- August 31, 2018
- Posted by: Sage Shield Safety Consultants
- Category: Singapore Safety News
In a bid to make workplaces safer, a tripartite committee has proposed ways to get tougher on companies that have a poor safety and health record.
This includes a preliminary recommendation for government agencies to standardise their procurement criteria, used to track and disqualify errant contractors from public-sector projects.
The Tripartite Strategy Committee, whose suggestions were unveiled yesterday at the Singapore Workplace Safety and Health (WSH) Conference 2018, was set up to boost workplace safety here over the next decade.
“We cannot continue to award tenders based solely on the lowest quote,” said Mr John Ng, who chairs the committee and heads the WSH Council. “Evaluation of contracts must take into consideration safety performance of the contractors, and… I am quite confident that companies will buy into this over time.”
The committee said the Ministry of Manpower (MOM) should allow greater transparency when it comes to businesses’ safety performance, to help other firms decide who to procure services or products from.
It also said MOM should facilitate differentiated work injury insurance premiums for companies based on their track records by sharing past accident records and claims with insurers.
The ministry should also develop a code of practice outlining company directors’ WSH duties.
Such moves can incentivise firms to boost workplace safety, the committee noted.
Yesterday, the committee also accepted feedback from an international advisory panel on its recommendations, and is set to finalise its strategy by February next year.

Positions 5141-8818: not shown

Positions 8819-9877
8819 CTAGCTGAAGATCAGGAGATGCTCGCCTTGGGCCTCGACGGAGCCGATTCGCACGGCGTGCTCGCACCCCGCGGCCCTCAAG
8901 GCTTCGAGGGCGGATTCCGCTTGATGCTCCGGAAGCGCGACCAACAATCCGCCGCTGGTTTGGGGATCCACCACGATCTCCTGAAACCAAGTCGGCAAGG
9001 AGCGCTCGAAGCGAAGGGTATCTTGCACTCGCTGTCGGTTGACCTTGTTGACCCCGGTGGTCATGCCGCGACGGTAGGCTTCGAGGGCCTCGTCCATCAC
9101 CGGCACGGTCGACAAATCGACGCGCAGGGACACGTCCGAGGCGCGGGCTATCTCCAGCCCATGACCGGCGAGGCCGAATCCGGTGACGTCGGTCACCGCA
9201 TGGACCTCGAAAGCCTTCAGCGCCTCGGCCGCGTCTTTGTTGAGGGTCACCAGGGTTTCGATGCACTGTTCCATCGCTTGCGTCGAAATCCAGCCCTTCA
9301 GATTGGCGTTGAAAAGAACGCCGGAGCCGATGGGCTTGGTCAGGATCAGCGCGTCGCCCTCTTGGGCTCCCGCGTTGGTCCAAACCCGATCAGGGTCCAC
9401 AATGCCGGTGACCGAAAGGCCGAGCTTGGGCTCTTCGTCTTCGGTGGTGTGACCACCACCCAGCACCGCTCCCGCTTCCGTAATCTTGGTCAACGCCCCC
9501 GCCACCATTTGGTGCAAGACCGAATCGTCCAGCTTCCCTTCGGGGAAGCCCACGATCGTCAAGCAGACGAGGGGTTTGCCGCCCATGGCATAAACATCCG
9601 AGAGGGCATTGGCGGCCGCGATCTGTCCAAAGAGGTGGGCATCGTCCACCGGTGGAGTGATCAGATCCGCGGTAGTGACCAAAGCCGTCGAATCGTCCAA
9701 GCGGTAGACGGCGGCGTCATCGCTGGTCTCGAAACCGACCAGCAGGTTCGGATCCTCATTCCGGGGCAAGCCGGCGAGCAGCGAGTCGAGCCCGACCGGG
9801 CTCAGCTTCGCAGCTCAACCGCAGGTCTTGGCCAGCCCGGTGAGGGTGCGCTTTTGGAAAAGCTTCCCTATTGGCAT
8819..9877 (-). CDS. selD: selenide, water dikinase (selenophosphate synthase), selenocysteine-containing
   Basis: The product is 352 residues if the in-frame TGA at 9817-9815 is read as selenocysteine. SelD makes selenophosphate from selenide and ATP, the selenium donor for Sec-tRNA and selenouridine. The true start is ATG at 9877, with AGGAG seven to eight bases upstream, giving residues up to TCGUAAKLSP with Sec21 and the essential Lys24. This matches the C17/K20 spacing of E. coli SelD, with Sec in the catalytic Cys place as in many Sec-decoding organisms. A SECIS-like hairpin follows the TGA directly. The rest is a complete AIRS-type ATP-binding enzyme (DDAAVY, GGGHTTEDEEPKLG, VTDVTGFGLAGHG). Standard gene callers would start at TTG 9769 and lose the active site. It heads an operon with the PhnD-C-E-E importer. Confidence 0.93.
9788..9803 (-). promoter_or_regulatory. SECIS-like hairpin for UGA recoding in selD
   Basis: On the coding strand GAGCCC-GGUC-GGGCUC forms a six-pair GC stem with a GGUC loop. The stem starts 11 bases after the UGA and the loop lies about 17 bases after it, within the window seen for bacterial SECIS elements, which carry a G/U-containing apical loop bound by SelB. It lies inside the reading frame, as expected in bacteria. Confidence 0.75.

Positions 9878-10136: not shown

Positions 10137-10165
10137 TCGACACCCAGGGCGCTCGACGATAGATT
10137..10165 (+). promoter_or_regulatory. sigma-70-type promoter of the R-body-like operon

The committee’s proposals extended to workers’ health as well. For example, to help prevent illnesses caused by the work environment, it proposed that MOM expand its list of 40 reportable occupational diseases.
It also suggested more support for firms in adopting health promotion initiatives. This comes as the prevalence of chronic diseases is expected to rise due to sedentary work and an ageing population.
There were about 60 deaths a year on average in the past few years – as a result of heart attacks and strokes – possibly contributed to by strenuous activity at work, said MOM.
Finally, the committee made a third set of recommendations promoting the use of technology in areas such as improving training standards.
Noting that the next 10-year road map aims to foster a culture of prevention, the international advisory panel highlighted the need for companies to do their own investigations on cases of “near-misses” to address gaps in their procedures.
Recognising the rising number of freelancers worldwide, it suggested the committee factor in such growth here as well, ensuring that the responsibility for freelancers’ workplace safety and health remains with those who employ them. These employers should receive guidance on how they discharge their duties as well.
“By 2028, we aspire to reduce the workplace fatality rate to less than one per 100,000 employed persons on a sustained basis,” Minister of State for Manpower Zaqy Mohamad said at the conference in Suntec Singapore. Only four countries, including Germany and Sweden, have done this with consistency.